The contract for the construction of supports for 75 bridges along the Woolgoolga to Ballina section of the Pacific Highway upgrade has been awarded.

The contract to build the supports has been awarded to Advanced Foundation Solutions (Australia) Pty Ltd and the project will create around 90 new jobs.

Federal Minister for Infrastructure and Transport Darren Chester applauded the economic boost provided by the works.

“This section of the Pacific Highway upgrade is the nation’s biggest regional infrastructure project, with the highway on track to be fully duplicated by the end of the decade. It is a massive project supporting hundreds of jobs in the local economy, and is already saving dozens of lives every year while significantly improving travel times,” Mr Chester said.

New South Wales Minister for Roads, Maritime and Freight Melinda Pavey said the latest contract involved delivering more than 1,100 piles for bridges being built between Glenugie and Ballina.

“Fifteen bridges have already been built as part of the Woolgoolga to Glenugie section of the upgrade, which is expected to open to traffic late this year. The award of the contract for piling involved engaging industry early in the process to help refine the final design and planning of the work which has helped achieve best value for money for the project,” Mrs Pavey said.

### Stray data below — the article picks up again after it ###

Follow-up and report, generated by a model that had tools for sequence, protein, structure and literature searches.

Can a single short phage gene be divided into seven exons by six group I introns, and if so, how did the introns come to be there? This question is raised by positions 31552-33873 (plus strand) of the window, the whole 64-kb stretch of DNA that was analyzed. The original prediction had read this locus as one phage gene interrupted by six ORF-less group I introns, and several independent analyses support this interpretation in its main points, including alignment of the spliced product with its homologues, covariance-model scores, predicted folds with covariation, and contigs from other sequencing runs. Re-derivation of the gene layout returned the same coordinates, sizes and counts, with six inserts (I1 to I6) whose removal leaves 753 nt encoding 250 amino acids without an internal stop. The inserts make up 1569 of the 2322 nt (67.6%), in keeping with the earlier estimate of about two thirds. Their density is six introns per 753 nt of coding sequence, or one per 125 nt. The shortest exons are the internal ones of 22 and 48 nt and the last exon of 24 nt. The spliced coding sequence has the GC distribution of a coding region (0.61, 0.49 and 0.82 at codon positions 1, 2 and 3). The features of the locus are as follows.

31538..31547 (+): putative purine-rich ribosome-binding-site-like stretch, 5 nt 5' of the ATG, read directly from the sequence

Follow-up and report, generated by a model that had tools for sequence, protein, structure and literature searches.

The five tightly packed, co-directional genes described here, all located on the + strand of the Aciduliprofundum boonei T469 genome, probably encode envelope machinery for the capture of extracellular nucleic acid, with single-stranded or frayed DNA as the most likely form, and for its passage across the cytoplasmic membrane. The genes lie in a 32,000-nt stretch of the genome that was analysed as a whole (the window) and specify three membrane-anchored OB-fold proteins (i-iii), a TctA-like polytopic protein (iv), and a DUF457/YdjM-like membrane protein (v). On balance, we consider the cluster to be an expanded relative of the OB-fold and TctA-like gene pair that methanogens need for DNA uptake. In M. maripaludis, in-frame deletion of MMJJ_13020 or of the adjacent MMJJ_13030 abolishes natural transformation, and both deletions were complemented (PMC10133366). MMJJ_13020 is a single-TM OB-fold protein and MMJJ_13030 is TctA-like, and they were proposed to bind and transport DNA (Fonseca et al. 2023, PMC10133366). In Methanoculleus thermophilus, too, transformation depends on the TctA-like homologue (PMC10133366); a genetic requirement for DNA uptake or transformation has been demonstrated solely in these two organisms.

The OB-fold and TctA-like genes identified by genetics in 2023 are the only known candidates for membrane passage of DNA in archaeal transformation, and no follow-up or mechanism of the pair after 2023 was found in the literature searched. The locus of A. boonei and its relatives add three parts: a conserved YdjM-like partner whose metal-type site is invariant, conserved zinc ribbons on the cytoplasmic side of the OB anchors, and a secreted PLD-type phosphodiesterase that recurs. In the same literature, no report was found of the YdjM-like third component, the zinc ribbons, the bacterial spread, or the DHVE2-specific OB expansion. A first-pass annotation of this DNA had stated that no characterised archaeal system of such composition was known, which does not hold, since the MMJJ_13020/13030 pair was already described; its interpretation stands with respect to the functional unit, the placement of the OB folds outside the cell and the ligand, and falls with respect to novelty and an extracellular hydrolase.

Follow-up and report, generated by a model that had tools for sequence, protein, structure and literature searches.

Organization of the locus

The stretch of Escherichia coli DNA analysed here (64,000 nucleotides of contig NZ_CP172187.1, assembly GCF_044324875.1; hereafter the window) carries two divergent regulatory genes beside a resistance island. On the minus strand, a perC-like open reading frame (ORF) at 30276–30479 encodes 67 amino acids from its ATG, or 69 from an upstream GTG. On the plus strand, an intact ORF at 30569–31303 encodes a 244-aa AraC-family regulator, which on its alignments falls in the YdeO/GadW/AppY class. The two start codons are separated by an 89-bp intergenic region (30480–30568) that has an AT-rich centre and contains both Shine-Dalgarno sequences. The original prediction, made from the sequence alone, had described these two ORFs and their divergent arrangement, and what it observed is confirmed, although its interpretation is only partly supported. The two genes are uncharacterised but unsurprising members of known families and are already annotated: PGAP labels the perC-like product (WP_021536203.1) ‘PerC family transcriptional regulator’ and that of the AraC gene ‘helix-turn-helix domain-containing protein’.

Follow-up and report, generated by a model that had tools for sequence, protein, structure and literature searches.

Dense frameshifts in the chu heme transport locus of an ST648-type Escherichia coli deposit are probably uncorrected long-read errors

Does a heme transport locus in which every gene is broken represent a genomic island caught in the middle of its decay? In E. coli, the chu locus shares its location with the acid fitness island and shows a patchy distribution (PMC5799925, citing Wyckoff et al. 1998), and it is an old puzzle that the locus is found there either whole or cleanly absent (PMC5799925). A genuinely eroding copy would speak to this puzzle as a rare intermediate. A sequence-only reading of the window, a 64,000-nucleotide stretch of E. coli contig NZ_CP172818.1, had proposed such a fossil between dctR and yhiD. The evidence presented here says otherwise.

Federal Member for Page Kevin Hogan welcomed the most recent jobs boost and said it would help support the region’s economy through a challenging time.

“Building a safer Pacific Highway and supporting local jobs is absolutely critical, now more than ever. Keeping money flowing through the region’s economy is vital and the pipeline of works will continue, with a number of bridge-building and main civil work contracts to be progressively awarded over the coming months,” Mr Hogan said.

“These works are providing a massive boost to the north coast economy, with up to 4,000 workers expected to be directly employed on the Pacific Highway when works ramp up later in 2017.”

New South Wales Member for Clarence Chris Gulaptis said piling was used to create a stable foundation for bridges, structures and buildings by transferring the weight of the structure deeper into the underlying ground.

“It can take several days to complete one pile depending on its length and size. They can vary in length depending on the ground conditions and are driven or bored into the ground using a combination of cranes, piling rigs and vibrating hammers,” Mr Gulaptis said.

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